Exploring Degrowth: A Critical Guide, Vincent Liegey and Anitra Nelson Pluto Press £16.99
That economic growth cannot continue indefinitely on a finite planet has been widely accepted for some time, and Exploring Degrowth is a compendium of every conceivable aspect of this theme. The book’s glossary includes terms such as decommodification, frugal abundance, pluriversity, relocalisation and transhumanism. The realisation of degrowth involves organisations that are nonhierarchical, transformative, consensual, gender-focused, multidimensional and so on. Five hundred occurrences of ‘degrowth’ in the first half of the book is perhaps an attempt to establish it as the generic term for all sustainability movements. With some success, biannual international degrowth conferences have been held since 2008, with Leipzig 2014 attracting 3,500 people from 74 countries. The degrowth movement is more politically explicit than the World Social Forum launched in Brazil in 2001. So, there is much in this book that socialists will agree with.
For example, “degrowth invites you to take account of capitalism’s imperial dimensions and challenge the prevailing system’s hidden human and environmental debts which include exploited and destroyed ecosystems and peoples”. It also says “capitalism is like a spinning top: as it slows, it falls over, its life and function dead”. Socialist politics and trade unionism are commented on favourably in places. Antonio Gramsci is referenced as well as Thomas Piketty, André Gorz and Naomi Klein. Marx is described as “the outstanding reference for theorists”. Elsewhere, traditional socialist parties and trade union leaders are criticised, but for failings that most socialists would also criticise. Anti-capitalist movements generally have little to say about political parties and the state. This ‘autonomism’ is an understandable reaction to frustration with fundamentalist political sects and the chronic failures of capitalist social democracy.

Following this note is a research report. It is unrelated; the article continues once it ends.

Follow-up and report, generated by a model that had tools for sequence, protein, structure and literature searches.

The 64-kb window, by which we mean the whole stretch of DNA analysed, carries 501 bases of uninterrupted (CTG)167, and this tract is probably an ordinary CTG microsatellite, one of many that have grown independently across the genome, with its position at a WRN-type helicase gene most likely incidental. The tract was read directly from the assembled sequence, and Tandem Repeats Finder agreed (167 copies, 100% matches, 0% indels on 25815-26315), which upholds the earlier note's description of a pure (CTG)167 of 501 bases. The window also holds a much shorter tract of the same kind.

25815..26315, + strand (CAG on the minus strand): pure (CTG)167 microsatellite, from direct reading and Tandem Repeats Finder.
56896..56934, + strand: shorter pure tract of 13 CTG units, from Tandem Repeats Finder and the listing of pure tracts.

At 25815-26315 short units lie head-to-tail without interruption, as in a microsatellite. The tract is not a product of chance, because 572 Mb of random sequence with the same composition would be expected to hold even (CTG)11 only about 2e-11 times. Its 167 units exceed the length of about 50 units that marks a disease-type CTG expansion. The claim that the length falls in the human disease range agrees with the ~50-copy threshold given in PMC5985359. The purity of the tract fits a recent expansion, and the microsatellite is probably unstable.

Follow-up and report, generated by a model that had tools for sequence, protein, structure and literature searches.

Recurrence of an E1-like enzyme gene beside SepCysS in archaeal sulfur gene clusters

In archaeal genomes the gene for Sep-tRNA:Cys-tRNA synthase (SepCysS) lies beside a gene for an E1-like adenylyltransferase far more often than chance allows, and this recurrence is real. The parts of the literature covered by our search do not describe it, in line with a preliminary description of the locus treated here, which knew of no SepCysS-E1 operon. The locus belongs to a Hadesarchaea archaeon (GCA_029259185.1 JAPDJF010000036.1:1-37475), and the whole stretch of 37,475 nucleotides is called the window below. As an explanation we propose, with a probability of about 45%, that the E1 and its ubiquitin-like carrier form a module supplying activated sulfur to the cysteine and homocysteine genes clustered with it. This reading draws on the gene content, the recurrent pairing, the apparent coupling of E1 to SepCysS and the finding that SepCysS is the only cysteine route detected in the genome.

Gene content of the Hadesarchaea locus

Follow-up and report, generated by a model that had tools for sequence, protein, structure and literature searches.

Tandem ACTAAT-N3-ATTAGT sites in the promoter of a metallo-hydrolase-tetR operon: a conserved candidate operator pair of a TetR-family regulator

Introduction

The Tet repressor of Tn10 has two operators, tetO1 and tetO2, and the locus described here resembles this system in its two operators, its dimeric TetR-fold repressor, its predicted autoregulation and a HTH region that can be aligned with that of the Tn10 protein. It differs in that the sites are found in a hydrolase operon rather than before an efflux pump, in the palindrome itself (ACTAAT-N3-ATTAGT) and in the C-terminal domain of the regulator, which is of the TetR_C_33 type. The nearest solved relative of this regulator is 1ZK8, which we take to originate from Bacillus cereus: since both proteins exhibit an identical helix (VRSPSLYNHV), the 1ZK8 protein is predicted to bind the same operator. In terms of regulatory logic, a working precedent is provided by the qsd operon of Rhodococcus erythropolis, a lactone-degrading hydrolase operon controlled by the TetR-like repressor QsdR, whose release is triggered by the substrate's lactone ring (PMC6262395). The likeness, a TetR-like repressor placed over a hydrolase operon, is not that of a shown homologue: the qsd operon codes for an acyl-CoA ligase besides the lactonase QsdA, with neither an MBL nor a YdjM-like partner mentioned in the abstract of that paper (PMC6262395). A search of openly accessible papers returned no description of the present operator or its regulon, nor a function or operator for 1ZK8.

Exploring Degrowth does at least acknowledge the “very real barriers” to the radical transformation of society. But, the implied strategy is to promote thousands of “transitional initiatives” such as cooperatives and ‘lets’ (local exchange trading systems) that will somehow outgrow corporations and states. Given that the capitalist state is the paramount barrier to socialism, what relevance does the book have to the struggle for socialism? The problem of the capitalist state is that it is more than just a passive barrier. It has evolved specifically to stop any threat to the status quo. It cannot be simply ignored. Only a higher form of democracy based on majorityrule in workplaces is capable of supplanting minority-rule by billionaires and capital markets.
That said, the book does provide strong evidence of the potential for a revival of the left. Tens of thousands of movement activists around the world are acutely aware that capitalism has no future: “It seems like the collapse of Western civilization is in full swing.” If this turns out to be the case, there could be a role for individuals experienced in transitional initiatives and, of course, for the sharper political cutting edge provided by socialists.
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